I planned our route to include Salzburg, Austria, a delightful gingerbread type town that is also the birthplace of Wolfgang Amadeus Mozart, and the magnificent Italian cities of Venice and Florence. The idea of Venice came up because our 12 year old daughter had heard about this romantic 'water park' in a city, and she thought it would be a great way to cool off in the Italian summer and have fun at the same time. After several unsuccessful attempts at trying to explain her mistake, we arrived in Venice and we all had a great time (even our 12 year old, who started the visit a little disappointed with her amusement park).

You may want to extend your time at these fantastic cities, especially if this is your first visit. The route takes you past (and through) the spectacular Alps, and includes including the Matterhorn, France's Mont Blanc as well as the Eiger and Jungfrau peaks.

Off the regular tourist track, you can take the time to discover the Krimml falls, Sirmione, the fishing villages of Cinque Terre, and plenty more.

This trip proved without a doubt that there is truly no better way to experience Europe than in a motorhome. This Europe trip planner will show you what we did and describe our experiences. Use it as is, or adapt it to your own needs.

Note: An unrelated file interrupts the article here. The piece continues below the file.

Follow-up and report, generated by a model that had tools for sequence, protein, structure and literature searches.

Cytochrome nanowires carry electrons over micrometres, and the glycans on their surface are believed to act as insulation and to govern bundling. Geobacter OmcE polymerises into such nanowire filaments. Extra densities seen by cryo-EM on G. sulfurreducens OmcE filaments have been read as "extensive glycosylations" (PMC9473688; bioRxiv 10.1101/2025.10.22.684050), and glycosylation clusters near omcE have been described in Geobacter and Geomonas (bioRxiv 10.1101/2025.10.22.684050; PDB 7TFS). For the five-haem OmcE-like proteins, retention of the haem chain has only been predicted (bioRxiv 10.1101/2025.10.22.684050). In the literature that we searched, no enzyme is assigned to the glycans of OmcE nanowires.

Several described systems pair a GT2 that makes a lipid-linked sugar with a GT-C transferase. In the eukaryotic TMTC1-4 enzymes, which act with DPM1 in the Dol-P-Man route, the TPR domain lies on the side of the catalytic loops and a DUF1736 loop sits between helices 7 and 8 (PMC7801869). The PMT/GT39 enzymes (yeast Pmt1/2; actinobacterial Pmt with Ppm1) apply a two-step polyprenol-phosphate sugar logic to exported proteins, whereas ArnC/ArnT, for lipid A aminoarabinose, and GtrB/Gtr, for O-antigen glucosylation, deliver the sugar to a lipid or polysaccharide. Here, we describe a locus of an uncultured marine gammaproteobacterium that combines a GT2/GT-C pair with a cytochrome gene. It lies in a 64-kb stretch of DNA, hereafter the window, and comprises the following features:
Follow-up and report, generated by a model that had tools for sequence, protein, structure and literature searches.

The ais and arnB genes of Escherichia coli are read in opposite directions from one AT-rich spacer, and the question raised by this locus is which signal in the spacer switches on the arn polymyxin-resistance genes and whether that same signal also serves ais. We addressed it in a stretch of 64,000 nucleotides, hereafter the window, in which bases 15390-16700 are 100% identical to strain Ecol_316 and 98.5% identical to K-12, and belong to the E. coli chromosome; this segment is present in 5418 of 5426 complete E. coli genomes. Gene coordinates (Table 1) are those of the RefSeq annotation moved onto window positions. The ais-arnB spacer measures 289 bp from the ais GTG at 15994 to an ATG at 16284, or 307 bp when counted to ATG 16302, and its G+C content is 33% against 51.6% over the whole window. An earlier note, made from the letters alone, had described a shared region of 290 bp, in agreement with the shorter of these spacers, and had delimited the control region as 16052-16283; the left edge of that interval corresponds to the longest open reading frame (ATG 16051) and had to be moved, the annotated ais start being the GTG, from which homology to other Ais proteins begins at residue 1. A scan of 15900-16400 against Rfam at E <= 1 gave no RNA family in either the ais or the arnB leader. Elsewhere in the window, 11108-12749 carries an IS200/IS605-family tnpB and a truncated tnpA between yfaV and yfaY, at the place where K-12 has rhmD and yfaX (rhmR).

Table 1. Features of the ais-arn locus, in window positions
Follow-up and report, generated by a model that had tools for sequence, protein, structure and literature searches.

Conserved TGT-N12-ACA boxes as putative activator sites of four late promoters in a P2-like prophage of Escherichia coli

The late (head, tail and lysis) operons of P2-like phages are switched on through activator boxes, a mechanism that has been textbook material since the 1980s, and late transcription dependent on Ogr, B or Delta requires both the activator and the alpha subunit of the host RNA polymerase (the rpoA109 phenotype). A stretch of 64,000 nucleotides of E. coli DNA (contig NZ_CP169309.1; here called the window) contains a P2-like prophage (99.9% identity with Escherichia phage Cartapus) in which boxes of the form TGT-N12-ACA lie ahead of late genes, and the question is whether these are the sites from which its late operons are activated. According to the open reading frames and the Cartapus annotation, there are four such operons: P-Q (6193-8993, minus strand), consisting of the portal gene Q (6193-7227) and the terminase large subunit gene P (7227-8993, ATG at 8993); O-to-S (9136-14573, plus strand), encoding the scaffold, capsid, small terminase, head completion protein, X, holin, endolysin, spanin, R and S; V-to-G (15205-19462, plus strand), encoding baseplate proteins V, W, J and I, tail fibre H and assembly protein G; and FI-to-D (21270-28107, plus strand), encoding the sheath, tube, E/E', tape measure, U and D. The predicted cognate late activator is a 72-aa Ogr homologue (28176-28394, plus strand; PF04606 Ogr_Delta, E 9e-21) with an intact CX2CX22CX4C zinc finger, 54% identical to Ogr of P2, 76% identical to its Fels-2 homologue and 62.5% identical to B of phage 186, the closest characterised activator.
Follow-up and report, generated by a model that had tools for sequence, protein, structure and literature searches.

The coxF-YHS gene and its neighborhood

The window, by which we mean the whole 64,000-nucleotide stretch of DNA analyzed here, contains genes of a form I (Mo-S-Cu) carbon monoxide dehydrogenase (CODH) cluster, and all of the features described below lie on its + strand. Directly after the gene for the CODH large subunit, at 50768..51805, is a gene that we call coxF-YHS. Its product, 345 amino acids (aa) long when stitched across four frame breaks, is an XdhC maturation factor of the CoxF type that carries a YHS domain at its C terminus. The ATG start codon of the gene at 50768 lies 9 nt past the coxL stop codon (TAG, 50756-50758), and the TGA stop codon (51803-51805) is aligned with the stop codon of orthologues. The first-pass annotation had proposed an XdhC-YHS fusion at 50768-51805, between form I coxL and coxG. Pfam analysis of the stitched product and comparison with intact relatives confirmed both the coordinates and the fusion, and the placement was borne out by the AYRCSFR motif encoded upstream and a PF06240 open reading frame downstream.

Day 1 - Munich to Salzburg
Departure from Munich. Plan enough time to pick up and get operating instructions on your rental . I usually figure in 2-2.5 hours for this. Don't forget you'll also need time to stock up before departing. Fortunately we didn't have too long to drive to our first campground near Salzburg. There are many things to do in the area, but we concentrated on Salzburg itself.

Day 2-5 Salzburg Area
Apart from this being Mozart's home town, the year 2006 marks his 250th birthday and there are many Mozart concerts to choose from throughout the year. Apart from that and his home, other places of interest in Salzburg include: the "Getreidegasse", the "Salzburger Dom", the "Festspielhauser" and the "Hohensalzburg" fortress. Other day trips easily accessible from the camper park we stayed at are the spectacular Schmittenhohe hiking trails and visits to the many gorges and caves in the area.

Day 6 - Crossing the Austrian Alps